The Best Rapper Alive, Every Year Since 1979 Eminem

2002: Eminem

Credentials: The Eminem Show, 8 Mile Soundtrack, three Top 5 hits, had the best selling album of the year across all genres. 

Everything you need to know about where Eminem was in 2002 you can hear in the second verse of "Till I Collapse." He hit the scene in 1999 and became the illest rapper to hold the cordless, so by 2002 his tremendous talent was unquestionable ("You're real and you spit and people are feeling your shit"). So much so he realized he was living through his prime ("This is your moment and every single minute you spend trying to hold onto it 'cause you may never get it again") and began thinking about his place in hip-hop's pantheon, worried he'd never get the props he felt he deserved. People tend to get caught up in the fact Em named Redman (Reggie) ahead of Jay and Biggie in his infamous list, but really the most crucial detail is that Em lists himself last. He was as high as he'd ever get, but still looking for another hit, on top but still unsatisfied. 

Regardless of what ideas were floating around Em's head, he dropped another monster album that year with The Eminem Show. The record didn't top his previous effort creatively but still managed to be one of his more accessible albums (at least for hip-hop heads), which for once pitted his lyrics against a backdrop closer to hip-hop's sonic center—laying bare just how many light years ahead of the average rapper he was. 

Yet, that album might not have even been his greatest achievement that year. With the release of the loose biopic, 8 Mile, Slim Shady became an unlikely people's champ, the rap Rocky. The first single to the film's soundtrack "Lose Yourself" became Eminem's biggest hit ever and one of his best songs. "Lose Yourself" encapsulated what made Em so special. It was a rap song about the physical act of rapping, proving that Eminem was and would always be a rapper's rapper, a true student of Rakim. Yet, thanks to his songwriting skills it was also a massive pop hit and had middle Americans who would otherwise never interact with rap chanting along. There may be unwelcome side effects to that (as seen by the burgeoning number of white rappers), but Em still spread the gospel of hip-hop and did it in the most authentic way possible.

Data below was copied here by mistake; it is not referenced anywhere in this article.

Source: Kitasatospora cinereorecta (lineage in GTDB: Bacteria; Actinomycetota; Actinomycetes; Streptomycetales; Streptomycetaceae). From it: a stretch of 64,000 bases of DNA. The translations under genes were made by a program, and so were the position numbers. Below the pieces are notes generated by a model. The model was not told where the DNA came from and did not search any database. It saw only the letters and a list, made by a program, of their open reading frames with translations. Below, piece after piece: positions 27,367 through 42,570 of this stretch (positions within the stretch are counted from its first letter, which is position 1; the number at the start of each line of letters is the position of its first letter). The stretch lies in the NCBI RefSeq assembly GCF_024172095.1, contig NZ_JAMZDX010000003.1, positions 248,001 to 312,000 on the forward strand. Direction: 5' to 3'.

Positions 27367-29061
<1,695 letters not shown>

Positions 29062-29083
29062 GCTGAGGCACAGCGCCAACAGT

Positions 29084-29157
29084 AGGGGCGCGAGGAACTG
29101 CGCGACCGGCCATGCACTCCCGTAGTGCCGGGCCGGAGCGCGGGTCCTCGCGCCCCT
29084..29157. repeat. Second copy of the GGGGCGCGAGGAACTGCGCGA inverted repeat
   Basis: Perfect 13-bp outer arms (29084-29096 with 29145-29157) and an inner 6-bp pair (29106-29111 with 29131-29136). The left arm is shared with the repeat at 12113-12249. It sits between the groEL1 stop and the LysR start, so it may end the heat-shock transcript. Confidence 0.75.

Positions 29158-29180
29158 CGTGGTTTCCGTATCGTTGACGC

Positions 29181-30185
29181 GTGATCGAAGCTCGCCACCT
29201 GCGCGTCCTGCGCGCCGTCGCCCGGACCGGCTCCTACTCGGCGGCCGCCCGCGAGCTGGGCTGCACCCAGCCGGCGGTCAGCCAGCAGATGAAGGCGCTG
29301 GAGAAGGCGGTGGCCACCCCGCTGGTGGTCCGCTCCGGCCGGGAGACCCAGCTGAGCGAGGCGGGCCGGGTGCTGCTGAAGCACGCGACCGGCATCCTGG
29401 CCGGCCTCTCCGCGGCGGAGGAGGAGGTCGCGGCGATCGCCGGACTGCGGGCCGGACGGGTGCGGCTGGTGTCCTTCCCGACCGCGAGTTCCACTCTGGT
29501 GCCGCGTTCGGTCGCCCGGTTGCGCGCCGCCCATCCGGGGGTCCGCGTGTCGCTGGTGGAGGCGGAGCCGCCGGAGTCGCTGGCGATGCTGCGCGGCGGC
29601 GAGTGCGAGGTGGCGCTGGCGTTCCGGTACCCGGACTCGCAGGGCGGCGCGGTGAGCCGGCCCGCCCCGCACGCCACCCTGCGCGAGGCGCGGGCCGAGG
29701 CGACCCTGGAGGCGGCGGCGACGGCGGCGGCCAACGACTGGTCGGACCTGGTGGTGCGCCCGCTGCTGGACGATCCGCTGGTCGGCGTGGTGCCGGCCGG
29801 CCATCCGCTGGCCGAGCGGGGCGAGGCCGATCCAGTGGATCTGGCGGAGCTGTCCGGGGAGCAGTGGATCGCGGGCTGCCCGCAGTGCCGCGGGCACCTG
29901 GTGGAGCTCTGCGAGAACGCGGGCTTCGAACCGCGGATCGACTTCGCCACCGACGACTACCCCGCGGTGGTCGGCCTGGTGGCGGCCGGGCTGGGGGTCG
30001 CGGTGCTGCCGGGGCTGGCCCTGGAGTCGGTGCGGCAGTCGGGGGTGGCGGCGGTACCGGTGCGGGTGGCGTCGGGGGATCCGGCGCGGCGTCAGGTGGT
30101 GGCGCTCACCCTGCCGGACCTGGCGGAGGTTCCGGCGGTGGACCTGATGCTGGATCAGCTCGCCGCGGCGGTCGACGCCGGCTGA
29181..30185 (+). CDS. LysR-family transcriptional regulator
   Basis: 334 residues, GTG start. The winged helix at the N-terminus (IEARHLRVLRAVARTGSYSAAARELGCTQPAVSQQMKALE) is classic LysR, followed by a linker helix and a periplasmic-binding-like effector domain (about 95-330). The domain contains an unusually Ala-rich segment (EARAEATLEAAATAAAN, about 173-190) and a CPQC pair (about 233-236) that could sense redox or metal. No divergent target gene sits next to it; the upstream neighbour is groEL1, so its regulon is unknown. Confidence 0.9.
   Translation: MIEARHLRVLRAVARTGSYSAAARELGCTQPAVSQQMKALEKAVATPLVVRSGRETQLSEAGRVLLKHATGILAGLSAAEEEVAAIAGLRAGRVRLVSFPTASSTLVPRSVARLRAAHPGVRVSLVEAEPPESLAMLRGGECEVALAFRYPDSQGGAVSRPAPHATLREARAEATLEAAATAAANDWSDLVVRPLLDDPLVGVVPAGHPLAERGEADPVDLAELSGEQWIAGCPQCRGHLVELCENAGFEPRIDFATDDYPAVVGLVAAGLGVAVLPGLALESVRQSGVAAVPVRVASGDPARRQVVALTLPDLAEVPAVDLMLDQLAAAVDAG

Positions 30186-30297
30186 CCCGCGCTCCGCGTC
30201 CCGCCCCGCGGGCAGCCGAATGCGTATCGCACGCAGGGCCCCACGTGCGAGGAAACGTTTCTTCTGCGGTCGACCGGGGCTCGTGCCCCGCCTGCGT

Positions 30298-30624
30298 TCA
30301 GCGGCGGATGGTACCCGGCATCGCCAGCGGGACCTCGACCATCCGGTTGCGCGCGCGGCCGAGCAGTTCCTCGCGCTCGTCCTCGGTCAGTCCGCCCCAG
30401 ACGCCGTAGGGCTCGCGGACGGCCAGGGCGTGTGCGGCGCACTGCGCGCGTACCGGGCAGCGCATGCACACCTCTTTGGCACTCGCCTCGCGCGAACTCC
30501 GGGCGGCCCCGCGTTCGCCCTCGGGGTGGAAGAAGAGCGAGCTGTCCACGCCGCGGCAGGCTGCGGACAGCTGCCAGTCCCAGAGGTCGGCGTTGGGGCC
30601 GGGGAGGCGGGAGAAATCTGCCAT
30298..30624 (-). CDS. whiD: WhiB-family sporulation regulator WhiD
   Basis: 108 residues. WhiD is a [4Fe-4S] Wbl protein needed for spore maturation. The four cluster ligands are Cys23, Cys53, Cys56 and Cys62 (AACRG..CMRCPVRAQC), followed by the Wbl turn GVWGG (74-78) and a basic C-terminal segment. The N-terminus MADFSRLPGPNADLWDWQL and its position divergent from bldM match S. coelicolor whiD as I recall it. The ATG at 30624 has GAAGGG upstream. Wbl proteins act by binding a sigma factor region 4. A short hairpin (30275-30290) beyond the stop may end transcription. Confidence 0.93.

It was only a short while after this would Chris Rock point out that the best golfer was black, the tallest basketball player was Chinese, and the best rapper was indeed white. 

Honorable Mentions: 50 Cent, Cam'ron, Nas

2002 can also be remembered as the last truly great year for New York hip-hop since all the honorable mentions hail from the Big Apple. After ingesting nine slugs from a 9mm, Curtis Jackson licked his wounds and hit the streets to redefine what a mixtape could be. He became the first rapper to flood the market in a modern way that wasn't really possible (or expected) previously. By the end of the year, he was signed with the Best Rapper alive, the best thing to ever happen to bootleggers, and he had already proved his soon to be unstoppable Billboard prowess with "Wanksta." Suddenly, the title of his mixtape, 50 Cent Is The Future, wasn't posturing. It was prophecy. 

Yet the early part of the year belonged to a Harlem rapper known for his unusual affinity for the color pink. Cam'ron joined the Roc and didn't disappoint when he made two huge hits, first "Oh Boy," and then "Hey Ma." The songs gave Cam national exposure, helped score him a platinum plaque for Come Home With Me, and jump started the Dipset movement. (In between he also wrote Purple Haze, as the intro to that album points out). Finally, following the personal hardship after the loss of his mother and a moment of clarity after beefing with Jay-Z, Nas regained the visceral firepower to bring it back to the streets of New York. He continued his path as one of New York's finest with the release of God's Son and its top-notch single, "Made You Look." — Insanul Ahmed (@Incilin)

RELATED: 50 Things You Didn't Know About Eminem

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